Because it is the only ‘legal’ way in which the current government can withhold from the Maldivian people their right to a free and fair election—which must be held as soon as possible—so the caretaker president can be replaced by the President proper, be it Waheed, Nasheed or someone else.

Getting around the mutiny

A group of police and military personnel refused to obey the orders of their Commander in Chief on 6th and 7th February 2012. This is documented in CoNI’s own Timeline, which it describes in the Report as the most solid foundation for its conclusion that there was no coup. Therefore, even for an institution that proved so adapt at twisting the law to suit its facts, there was no getting around the fact that the armed forces—for whatever reason—disobeyed their leader. This was a mutiny:

mutiny |ˈmyoōtn-ē|

noun ( pl. -nies)

an open rebellion against the proper authorities, esp. by soldiers or sailors against their officers : a mutiny by those manning the weapons could trigger a global war | mutiny at sea. 

So how does CoNI absolve the mutinying armed forces of any responsibility in the transfer of power? First it points out that ‘there is no definition of the expression “coup d’etat’ in Maldivian law’, implying that because the Maldivian law has so far failed to define the term, no transfer of power, no matter how illegally affected, cannot be deemed a coup.

Then it notes that there are several statutory provisions that do define rebellion as an offence against the State punishable by law, but promptly dismisses them as inapplicable because, even if there was such a thing as a coup, the open rebellion of the armed forces cannot be deemed a coup because it occurred before the coup.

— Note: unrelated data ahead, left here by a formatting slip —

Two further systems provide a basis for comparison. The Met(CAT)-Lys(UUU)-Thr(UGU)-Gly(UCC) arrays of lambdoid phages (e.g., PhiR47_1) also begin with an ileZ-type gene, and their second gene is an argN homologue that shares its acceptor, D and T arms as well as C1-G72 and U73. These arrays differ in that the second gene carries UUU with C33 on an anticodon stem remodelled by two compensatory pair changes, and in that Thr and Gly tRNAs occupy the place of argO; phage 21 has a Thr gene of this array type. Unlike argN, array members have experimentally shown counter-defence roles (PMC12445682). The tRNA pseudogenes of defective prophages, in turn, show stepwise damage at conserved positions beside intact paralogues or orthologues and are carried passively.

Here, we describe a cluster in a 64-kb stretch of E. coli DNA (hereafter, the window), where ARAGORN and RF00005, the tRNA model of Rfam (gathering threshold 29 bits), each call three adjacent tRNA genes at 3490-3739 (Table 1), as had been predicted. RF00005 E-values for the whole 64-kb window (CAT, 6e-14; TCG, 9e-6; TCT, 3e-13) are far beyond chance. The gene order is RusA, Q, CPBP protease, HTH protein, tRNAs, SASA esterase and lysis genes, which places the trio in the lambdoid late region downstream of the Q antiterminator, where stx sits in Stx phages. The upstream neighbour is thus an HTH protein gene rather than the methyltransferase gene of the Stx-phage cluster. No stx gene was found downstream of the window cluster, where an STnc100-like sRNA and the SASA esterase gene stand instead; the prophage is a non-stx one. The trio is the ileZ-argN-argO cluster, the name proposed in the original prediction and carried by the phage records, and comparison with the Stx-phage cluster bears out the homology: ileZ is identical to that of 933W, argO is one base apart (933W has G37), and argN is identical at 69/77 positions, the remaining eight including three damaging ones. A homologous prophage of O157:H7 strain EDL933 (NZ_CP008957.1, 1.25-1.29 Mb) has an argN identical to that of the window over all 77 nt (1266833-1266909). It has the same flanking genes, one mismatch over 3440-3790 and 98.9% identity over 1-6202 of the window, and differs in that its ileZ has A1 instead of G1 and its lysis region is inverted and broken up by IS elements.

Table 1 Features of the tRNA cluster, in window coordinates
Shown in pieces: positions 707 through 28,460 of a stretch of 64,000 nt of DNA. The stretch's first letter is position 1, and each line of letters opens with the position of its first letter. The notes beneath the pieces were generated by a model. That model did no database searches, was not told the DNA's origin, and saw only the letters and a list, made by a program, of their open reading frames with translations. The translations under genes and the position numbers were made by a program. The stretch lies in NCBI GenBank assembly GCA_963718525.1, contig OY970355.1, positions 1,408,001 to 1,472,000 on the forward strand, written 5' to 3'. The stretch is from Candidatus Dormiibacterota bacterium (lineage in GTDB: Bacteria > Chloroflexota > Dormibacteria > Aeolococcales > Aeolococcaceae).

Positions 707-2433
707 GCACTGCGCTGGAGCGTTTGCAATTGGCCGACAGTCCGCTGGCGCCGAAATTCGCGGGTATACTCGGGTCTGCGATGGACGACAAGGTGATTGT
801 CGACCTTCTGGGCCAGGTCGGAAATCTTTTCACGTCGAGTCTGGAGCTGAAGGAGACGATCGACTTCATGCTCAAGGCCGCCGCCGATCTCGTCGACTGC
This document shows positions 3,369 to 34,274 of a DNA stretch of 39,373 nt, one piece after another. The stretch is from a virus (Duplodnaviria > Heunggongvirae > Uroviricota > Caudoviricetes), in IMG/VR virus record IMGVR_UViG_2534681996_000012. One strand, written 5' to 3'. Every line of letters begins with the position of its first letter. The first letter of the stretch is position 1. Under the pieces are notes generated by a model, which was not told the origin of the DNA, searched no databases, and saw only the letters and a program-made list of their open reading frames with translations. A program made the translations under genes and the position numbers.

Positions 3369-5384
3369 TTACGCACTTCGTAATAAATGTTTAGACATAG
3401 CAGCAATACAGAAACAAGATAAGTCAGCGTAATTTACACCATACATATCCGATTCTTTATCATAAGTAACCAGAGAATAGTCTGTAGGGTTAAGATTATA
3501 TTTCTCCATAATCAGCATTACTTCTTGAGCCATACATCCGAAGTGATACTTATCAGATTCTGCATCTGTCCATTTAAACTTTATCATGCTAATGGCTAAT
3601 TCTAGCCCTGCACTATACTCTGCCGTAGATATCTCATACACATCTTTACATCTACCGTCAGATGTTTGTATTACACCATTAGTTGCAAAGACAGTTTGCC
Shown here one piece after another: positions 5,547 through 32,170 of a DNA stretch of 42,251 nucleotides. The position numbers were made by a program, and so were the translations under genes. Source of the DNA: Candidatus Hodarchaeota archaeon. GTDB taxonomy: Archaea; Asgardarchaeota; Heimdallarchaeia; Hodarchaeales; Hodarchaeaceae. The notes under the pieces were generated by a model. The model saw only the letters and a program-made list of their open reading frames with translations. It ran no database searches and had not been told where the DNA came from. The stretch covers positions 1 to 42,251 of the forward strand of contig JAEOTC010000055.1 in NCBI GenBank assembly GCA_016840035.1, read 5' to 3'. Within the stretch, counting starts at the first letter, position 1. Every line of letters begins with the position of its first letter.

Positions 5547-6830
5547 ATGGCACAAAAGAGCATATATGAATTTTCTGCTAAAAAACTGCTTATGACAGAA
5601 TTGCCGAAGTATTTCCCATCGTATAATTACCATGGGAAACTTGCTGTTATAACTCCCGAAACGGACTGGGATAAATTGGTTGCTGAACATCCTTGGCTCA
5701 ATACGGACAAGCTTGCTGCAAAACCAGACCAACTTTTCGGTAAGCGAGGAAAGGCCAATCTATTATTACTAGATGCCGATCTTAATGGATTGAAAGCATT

This position is nothing short of ridiculous: the only thing that can be considered a coup under this definition is the actual act of assumption of power by a new President–the act of swearing in, in this case. Everything that comes before it, leads to it, triggers it, is the   catalyst of it, and/or is the direct cause of it, according to this position, is irrelevant and inconsequential.

Yet, this is the position CoNI takes: because the rebellion of the armed forces can never be a coup per se even if it directly leads to one, any such mutiny cannot be punished as an offence against the State.

By (ab)using the law in this manner, CoNI is thus able to make a military and police coup d’etat against the State impossible—even if it occurred in broad daylight and was witnessed, in real time, by the entire nation. In this manner, the police and the armed forces, and the three men who commandeered them and guided them through the rebellion, are all absolved of responsibility and made immune from prosecution for not just their disobedience of authority but also its consequences: the end of a democratically elected government.

Given CoNI’s abuse of rule of law—using the law as its primary instrument—it would be a travesty against the very concept of democracy for its Report to be accepted and endorsed as the definitive truth, and as a legally binding document that settles once and for all the many disputes that surround the transfer of power in the Maldives on 7 February.